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Insights and ST Math Tips from a Former Special Education Teacher


Erin Curtin Autism Awareness Month

Imagine going through life bearing the weight of a label—seeing the world through different eyes, hungry for self-expression. While the stigma of Autism Spectrum Disorder (ASD) has eroded, young people diagnosed with ASD are at increased risk of school exclusion, especially in traditional math education.

At MIND Research Institute, we believe that regardless of the learning obstacles students may face, all students deserve an equitable opportunity for growth—and that's what our visual-first math software, ST Math, helps to provide. 

With ST Math, students learn math based on the neuroscience of how our brains learn. April is known as Autism Acceptance Month and Math Awareness Month. To help us learn more about this month, we sat down with Curriculum Developer and former special education teacher Erin Curtin to talk about her approach to building a life-long love of math for those on the spectrum. 

Erin, tell us about yourself and what your career looked like before coming to MIND. 

I am from Massachusetts and currently live in Boston. Before joining MIND, I was an elementary special education teacher. I'm certified to teach special education to children with mild to moderate disabilities in pre-K to eighth grade and general education to children in first through sixth grade. I am also licensed to teach general education to children in first through sixth grade. I loved designing my own curriculum for students with special needs, so I went to Vanderbilt to earn my master's degree in learning and design.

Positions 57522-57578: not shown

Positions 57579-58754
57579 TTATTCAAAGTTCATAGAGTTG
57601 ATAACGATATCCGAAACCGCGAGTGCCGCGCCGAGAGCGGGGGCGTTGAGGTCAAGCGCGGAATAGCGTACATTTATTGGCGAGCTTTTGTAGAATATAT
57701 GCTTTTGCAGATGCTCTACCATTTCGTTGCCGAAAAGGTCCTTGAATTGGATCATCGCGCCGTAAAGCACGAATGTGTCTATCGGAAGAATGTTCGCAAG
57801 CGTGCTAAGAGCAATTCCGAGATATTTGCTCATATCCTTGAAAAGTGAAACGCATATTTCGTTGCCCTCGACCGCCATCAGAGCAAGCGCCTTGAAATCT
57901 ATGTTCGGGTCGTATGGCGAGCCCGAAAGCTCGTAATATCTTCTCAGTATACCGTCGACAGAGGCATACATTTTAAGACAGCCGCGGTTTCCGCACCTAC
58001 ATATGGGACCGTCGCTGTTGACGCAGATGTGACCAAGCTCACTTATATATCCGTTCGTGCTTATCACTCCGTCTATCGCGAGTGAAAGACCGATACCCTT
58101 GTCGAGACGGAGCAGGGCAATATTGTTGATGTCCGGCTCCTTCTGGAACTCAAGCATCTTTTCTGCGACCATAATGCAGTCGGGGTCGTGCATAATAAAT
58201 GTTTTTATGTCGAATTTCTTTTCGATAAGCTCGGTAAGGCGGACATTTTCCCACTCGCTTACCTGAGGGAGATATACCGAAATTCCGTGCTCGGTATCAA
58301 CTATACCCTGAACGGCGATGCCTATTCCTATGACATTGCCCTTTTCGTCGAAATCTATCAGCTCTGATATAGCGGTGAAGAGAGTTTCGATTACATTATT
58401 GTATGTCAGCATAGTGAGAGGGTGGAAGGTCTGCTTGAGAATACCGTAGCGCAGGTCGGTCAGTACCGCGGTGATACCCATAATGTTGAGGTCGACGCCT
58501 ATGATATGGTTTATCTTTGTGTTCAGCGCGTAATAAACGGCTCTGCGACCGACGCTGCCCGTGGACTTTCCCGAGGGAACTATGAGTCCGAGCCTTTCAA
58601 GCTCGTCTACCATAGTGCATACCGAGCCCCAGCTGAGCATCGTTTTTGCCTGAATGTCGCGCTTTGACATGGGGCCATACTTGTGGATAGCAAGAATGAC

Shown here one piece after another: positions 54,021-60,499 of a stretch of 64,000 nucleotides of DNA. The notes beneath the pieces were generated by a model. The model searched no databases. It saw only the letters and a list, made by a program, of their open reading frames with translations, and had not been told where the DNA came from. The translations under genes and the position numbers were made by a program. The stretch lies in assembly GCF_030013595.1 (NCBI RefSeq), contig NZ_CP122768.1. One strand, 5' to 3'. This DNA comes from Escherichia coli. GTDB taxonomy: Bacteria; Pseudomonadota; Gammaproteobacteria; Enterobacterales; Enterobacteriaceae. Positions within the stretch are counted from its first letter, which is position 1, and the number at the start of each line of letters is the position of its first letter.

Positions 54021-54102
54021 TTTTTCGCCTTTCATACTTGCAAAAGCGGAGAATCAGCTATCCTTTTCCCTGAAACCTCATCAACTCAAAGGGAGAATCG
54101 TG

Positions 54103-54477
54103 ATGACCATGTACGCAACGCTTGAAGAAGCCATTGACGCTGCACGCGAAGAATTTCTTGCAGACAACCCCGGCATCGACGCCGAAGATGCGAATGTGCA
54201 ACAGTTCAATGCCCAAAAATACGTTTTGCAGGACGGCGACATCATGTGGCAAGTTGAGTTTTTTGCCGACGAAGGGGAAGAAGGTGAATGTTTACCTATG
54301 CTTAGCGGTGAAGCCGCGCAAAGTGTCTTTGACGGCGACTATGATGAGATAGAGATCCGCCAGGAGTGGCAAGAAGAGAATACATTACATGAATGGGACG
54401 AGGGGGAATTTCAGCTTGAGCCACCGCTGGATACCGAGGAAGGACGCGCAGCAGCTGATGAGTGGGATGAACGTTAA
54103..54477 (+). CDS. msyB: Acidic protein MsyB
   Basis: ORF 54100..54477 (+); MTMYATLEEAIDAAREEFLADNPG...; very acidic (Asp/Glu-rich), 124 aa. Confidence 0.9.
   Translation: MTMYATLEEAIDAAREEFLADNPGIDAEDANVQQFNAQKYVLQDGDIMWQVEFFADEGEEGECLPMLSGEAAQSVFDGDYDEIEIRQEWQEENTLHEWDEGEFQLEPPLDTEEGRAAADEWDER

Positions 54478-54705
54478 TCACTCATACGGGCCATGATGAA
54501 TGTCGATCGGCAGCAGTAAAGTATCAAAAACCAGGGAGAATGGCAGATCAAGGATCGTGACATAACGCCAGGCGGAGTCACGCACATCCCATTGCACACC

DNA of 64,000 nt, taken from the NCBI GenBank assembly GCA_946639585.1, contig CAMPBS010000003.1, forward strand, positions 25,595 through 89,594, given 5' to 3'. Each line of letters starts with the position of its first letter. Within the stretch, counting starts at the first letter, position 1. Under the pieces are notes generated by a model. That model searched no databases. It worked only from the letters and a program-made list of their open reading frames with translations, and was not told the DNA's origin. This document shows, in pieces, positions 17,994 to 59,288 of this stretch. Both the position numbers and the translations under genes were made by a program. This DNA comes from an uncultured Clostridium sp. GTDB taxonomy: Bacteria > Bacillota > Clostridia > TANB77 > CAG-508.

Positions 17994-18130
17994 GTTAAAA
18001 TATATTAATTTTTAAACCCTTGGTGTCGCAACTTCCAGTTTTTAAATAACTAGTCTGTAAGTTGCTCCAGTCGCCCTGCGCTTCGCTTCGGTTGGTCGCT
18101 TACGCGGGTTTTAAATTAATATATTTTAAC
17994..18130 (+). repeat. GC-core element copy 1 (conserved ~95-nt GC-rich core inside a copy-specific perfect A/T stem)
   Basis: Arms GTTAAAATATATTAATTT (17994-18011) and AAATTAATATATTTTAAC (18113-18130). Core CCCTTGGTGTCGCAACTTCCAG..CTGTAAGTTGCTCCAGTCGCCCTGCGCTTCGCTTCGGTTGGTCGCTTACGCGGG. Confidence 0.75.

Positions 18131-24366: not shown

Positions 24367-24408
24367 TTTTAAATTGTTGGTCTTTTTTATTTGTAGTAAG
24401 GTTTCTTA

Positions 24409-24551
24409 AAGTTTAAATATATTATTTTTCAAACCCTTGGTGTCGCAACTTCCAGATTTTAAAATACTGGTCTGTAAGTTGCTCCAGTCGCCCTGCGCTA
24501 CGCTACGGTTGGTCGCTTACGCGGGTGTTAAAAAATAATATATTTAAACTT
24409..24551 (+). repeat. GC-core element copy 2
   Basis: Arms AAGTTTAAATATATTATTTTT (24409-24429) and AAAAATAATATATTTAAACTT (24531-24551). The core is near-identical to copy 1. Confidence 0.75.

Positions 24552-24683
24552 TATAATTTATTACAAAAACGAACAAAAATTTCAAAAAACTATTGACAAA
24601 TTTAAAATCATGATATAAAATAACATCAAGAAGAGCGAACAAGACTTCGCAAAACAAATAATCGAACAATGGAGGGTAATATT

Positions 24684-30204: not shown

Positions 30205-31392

During my teaching days, I taught a mix of inclusion, which means I split my time between co-teaching with a general education teacher in their classroom and a resource room where I provided hands-on instruction to small groups of kids. We'd work on grade-level curriculum as well as targeted Individualized Educational Plan (IEP) goals.

I also ran a group for children with emotional disabilities, which focused on increasing their self-regulation skills and emotional awareness, such as responding to stress. 

What got you into curriculum design for students receiving special education and students with autism?

I loved teaching and working with kids, but I often felt that we were missing the mark for students with disabilities. That's why I applied to grad school. I wanted to use my talents and knowledge to make an impact on the curriculum side of things. I wanted to be a lever change. 

When I finished my degree, I wanted to work for a mission-driven organization. Working for a nonprofit outside of the school system appeared to be the best way for me to make real change in the educational system at large.